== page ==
Zane Lamprey has fashioned a TV career out of traveling and drinking. His first show, Three Sheets, was popular enough to have found a home on several cable channels. His new show, the globe-hopping Chug, debuts on National Geographic Channel on Monday, Nov. 24, at 10:30 p.m. Lamprey raised startup cash for the new project on crowd-funding site Kickstarter. But, as he told Multichannel News executive editor Kent Gibbons, it wasn’t quite enough. This interview was edited for content and space.
MCN: You raised $591,000 for your new show,Chug, on Kickstarter. What were you able to pay for with that?
Zane Lamprey: Not as much as I would have liked to. [Laughs.] We raised $591,000 to make six episodes of TV. We gave Kickstarter 5%. The credit-card fees take another about 5%. Our fulfillment — hoodies and T-shirts and posters, DVDs and all that kind of stuff — came to a pretty astounding fee, somewhere around $175,000. Then we had the rest to work with as far as making the show, somewhere around $300,000. I had to kick some in, a bunch actually, to make the show what it turned out to be. And I have no regrets. The whole Kickstarter experience was scary, and digging into my pockets is scary, but at the end of the day, regardless of what happens, I am proud of what people will get to see.
MCN: Other than having loyal fans and good giveaways, what are the key elements of crowd-funding a new TV show?
ZL: It’s having a product that people want. And more so, it’s a product that people want people to know that they want. It needs to be something that, for lack of a better term, needs to be cool, needs to be buzz-worthy.
One that I invested in in the past, that I backed, was a glow-in-the-dark plant. The one that I’m launching in the next week or two is the drinking hoodie. The zipper is a bottle opener, there’s a pocket on the front that is a coozie pocket that collapses and it has a flask pocket on the inside. The cups are drinking gloves. That kind of stuff.
It’s also the delivery of your message and presenting your video. I’ve seen a lot of decent products that have inferior videos, and they don’t do well. I’ve seen projects for TV shows and movies, and the video talking about how great their video is going to be is not a good video. If you’re selling a TV show, you’d better make sure your video is good.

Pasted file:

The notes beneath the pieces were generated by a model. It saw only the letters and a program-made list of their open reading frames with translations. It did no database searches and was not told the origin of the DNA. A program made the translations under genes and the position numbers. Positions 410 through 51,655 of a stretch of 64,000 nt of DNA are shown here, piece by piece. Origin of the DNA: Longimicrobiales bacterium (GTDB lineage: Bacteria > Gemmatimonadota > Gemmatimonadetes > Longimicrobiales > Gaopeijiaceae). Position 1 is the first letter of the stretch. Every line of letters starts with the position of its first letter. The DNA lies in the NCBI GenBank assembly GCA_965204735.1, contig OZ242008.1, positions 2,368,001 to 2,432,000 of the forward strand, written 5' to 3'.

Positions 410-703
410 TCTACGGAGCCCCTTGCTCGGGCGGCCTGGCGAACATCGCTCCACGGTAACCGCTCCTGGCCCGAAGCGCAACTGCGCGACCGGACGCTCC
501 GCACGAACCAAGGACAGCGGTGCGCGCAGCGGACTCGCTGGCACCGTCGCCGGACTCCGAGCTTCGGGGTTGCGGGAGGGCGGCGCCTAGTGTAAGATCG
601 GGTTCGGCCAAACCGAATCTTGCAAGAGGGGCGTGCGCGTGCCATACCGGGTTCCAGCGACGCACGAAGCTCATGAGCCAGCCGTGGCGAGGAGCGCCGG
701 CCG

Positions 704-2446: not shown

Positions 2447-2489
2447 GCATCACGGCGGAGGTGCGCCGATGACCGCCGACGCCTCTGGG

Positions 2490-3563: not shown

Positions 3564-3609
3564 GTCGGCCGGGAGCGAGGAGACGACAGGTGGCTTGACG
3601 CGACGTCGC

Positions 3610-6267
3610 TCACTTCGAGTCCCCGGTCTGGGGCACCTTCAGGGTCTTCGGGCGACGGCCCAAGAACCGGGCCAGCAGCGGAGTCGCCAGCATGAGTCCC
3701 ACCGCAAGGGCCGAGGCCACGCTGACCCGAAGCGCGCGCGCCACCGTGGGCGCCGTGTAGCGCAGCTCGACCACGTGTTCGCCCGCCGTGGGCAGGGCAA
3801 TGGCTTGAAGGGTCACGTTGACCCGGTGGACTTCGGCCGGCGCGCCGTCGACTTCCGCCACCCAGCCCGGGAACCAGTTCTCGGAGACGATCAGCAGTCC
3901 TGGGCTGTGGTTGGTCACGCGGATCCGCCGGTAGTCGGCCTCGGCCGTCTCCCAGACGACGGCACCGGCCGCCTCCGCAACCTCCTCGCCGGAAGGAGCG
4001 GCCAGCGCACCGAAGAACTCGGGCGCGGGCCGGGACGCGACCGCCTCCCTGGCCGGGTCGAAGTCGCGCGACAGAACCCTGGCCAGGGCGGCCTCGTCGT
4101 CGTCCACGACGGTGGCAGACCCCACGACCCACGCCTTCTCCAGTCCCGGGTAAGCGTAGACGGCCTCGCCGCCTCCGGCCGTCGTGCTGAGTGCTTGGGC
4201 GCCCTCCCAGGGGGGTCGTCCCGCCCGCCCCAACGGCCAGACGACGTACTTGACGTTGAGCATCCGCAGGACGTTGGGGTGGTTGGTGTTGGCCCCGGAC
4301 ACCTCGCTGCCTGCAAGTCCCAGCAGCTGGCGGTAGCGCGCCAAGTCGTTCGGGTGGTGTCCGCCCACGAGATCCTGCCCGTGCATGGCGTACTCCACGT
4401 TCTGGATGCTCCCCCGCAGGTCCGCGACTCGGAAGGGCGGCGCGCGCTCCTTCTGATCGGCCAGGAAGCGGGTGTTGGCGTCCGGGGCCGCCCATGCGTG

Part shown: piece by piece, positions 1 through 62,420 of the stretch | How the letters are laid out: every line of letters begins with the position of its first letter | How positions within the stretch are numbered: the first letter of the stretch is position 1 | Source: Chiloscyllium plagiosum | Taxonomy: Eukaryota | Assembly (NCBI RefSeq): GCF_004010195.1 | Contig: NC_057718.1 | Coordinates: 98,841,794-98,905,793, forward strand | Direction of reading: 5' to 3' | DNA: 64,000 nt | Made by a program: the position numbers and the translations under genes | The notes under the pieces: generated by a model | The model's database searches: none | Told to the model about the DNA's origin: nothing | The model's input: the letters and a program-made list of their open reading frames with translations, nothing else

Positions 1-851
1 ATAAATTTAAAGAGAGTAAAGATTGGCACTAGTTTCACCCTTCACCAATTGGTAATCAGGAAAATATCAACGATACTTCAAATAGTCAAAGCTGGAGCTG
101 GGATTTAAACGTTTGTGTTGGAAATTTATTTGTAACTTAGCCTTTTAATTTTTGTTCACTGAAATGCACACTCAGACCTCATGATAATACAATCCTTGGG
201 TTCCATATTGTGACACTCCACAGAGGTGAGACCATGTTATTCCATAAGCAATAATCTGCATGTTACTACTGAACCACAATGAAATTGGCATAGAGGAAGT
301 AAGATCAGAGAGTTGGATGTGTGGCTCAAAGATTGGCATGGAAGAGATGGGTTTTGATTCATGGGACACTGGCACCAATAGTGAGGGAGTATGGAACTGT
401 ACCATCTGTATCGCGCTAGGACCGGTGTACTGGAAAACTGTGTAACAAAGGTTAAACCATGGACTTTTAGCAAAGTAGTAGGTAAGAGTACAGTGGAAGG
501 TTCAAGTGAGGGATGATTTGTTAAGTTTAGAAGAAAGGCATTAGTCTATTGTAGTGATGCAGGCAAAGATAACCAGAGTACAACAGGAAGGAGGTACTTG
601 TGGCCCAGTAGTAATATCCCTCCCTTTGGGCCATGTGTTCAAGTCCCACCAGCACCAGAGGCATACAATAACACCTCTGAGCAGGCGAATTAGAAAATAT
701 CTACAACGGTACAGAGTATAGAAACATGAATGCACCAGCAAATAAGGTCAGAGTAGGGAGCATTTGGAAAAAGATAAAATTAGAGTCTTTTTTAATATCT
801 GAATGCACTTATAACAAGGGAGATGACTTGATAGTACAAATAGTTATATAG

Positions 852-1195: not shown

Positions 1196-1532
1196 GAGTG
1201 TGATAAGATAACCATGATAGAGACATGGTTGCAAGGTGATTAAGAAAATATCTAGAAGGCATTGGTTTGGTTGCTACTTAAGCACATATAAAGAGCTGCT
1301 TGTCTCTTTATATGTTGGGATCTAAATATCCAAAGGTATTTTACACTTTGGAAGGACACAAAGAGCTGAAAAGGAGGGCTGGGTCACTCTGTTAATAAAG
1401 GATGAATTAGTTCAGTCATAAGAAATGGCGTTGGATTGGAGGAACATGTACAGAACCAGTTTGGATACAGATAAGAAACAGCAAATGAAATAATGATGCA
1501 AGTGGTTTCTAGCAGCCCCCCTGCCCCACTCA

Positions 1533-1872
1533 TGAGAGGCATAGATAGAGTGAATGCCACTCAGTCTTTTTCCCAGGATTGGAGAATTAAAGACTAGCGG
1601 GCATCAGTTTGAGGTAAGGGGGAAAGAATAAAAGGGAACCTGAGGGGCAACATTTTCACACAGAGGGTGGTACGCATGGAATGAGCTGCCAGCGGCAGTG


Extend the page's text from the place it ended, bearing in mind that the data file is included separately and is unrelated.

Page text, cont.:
MCN: How different willChugbe fromThree SheetsorDrinking Made Easy?
ZL:Three Sheets was traveling around the world, learning about drinking cultures by drinking with the locals. Drinking Made Easy was the same thing, but with a lower budget and inside the U.S. Chug is back to international. Like Three Sheets, it had me; like Three Sheets, it had executive producer Mike Kelly, who co-executive produced this project with me. And I’m going around, doing a similar thing.
We did want to make it a different show, and so the commonality of every episode, besides drinking, is a day trip on a train to justify the name of the show. And we are not covering hangover segments in the show. In all my episodes of Three Sheets, I didn’t find one that necessarily worked. That also allows us to cover an additional drinking segment, or not get out of segments so quickly.
MCN: DidThree Sheetsset a record for revivals on the most networks?
ZL: Well, it started out on INHD, and INHD then rebranded as Mojo, and then [the show] went to Fine Living and then it went to Travel and then it went to Spike. Aside from syndication, I would say that’s a really safe bet to say that.
MCN: What did you learn from the experience of having a show that bounced around that way?
ZL: I learned too much to even put into a phrase. I had moved out here [to Los Angeles] and was just doing whatever I could do to make it in this crazy entertainment business. And I got that show and hadn’t even heard of INHD. I hadn’t even heard of the channel that my show was on. But I didn’t care. It gave me a chance to go out there and do it. And then every time the network folded, I learned more about marketing and social media and running my own business.
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